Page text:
Ghosh on Training’s Failure

January 6, 2005

The Challenges for Training & Learning

If there is one part of HR that seems constantly under question for its “ROI” potential, credibility or plain effectiveness it is what is usually known as “Training” – or in the new world as “Learning”, “Management Development” etc.

The reasons for the questions are not difficult to spot.

Training is the only group in HR that actually spends hard cash externally, as opposed to Recruitment or Compensation and Benefits that spend it as salaries. Once people see rupees flowing out of the organizational kitty, they are quick to question the ‘effectiveness’ of these trainings.

The training folks in organizations, haven’t actually covered themselves in laurels when it comes to their work.

The reasons for these are varied. Here is my diagnosis of the reasons:

Training is usually organized as a monolithic sub-function within HR and is junior staffed. This usually means a fresh graduate gets the fancy title of “training asst manager” or some such designation and becomes a gopher for meeting various training requests.
Why a training is being asked for?
What skills/competency gaps will it fill?
What is the follow up program for that training ?
Questions like these are scarcely asked.

Metrics used to measure training are usually uni-dimensional. Lacking either content expertise or process expertise, the training dept/person is measured by the HR head on factors like :
Number of training programs conducted
Satisfaction ratings
Number of people trained
Number of training days conducted per employee etc
Budget variations to plan

With the result, that the training department/person essentially is trying to meet these metrics. As you might have noticed none of these metrics even talk about linkage of training to business needs or outcomes. Any wonder why training fails to link up strategically.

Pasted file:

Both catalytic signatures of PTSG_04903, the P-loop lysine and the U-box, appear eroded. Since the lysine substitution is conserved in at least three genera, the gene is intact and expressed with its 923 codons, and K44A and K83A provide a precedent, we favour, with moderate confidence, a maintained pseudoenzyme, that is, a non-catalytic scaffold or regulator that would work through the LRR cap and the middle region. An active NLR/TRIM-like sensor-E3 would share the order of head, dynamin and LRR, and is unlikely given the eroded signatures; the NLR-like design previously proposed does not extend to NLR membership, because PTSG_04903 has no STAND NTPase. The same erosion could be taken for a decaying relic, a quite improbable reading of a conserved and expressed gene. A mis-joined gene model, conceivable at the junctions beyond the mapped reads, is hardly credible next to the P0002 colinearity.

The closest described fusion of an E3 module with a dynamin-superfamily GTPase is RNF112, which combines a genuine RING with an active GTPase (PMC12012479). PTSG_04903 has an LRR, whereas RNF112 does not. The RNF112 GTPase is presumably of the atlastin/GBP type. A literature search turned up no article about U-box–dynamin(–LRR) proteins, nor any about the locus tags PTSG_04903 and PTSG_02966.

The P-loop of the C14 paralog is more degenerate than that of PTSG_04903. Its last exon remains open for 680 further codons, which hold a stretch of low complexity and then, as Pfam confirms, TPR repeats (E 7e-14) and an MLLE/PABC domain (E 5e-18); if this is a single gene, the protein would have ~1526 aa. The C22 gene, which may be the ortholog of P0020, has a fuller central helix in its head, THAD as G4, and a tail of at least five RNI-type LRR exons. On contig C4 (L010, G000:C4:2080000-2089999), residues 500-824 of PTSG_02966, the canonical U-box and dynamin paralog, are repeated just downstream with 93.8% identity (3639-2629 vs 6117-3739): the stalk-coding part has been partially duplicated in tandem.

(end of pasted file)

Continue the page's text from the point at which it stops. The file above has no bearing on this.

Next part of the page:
Different groups need to own different parts of training. Content expertise for example resides in the various groups. The training group needs to turn facilitator and help these groups discover their own knowledge and learnings. The role that training needs to play is less of ‘content provider’ and more of standard settings and inculcating similar language across various organizational silos.

Training also needs to engage with various groups to help them to share learnings that are localized, across the organizations.

At a horizontal level, training needs to work with business and identify developmental areas of various levels to meet current and emerging business needs.
By doing that training will need to do a role that even HR is struggling in most organizations. i.e. linking to strategic business needs. That can happen best when training is led by someone who has been in business or can demonstrate in depth understanding.

The path for Training to become strategic

To uncover the way to become strategic training groups need to start doing the following:

Ask questions : Most training people are so ‘task focused’ that they do not seem to be able to ask “why am I doing this?” “How will this impact my firm’s bottomline?” If they do not think about ROI, others will think it for them
Think numbers : Training professionals need to think about a new set of metrics that focus more on effectiveness and less on efficiency. They have to rise from Kirkpatrick’s level 1 to level 3 and 4.
Realise that learning is more than training: Let’s face it. Face to face, classroom training probably accounts for less than 30% of what a person actually learns in an organization. Trainers, have to start thinking how factors like supervisor and management support will help in learning, how they will help in applying concepts learnt to increase workplace productivity. Attending training programs should not be the end, increasing workplace productivity should be
Involve line managers: Training professionals should involve line managers to actually be responsible for their employees trainings and where possible they should actually conduct the training themselves. Outsourcing training might help in the short term, but does not pass organizational culture along.
Transparency: People who are getting trained need to understand the larger context of where the training fits in with organizational strategy. Their managers and training professionals need to paint the whole picture to help them understand and communicate it to them.
New skills: Trainers themselves should pick up new skills like business and financial skills and not be just event managers. They need to understand the linkages between knowledge, learning and performance to figure out how they can add value to the organization.

What do you think?


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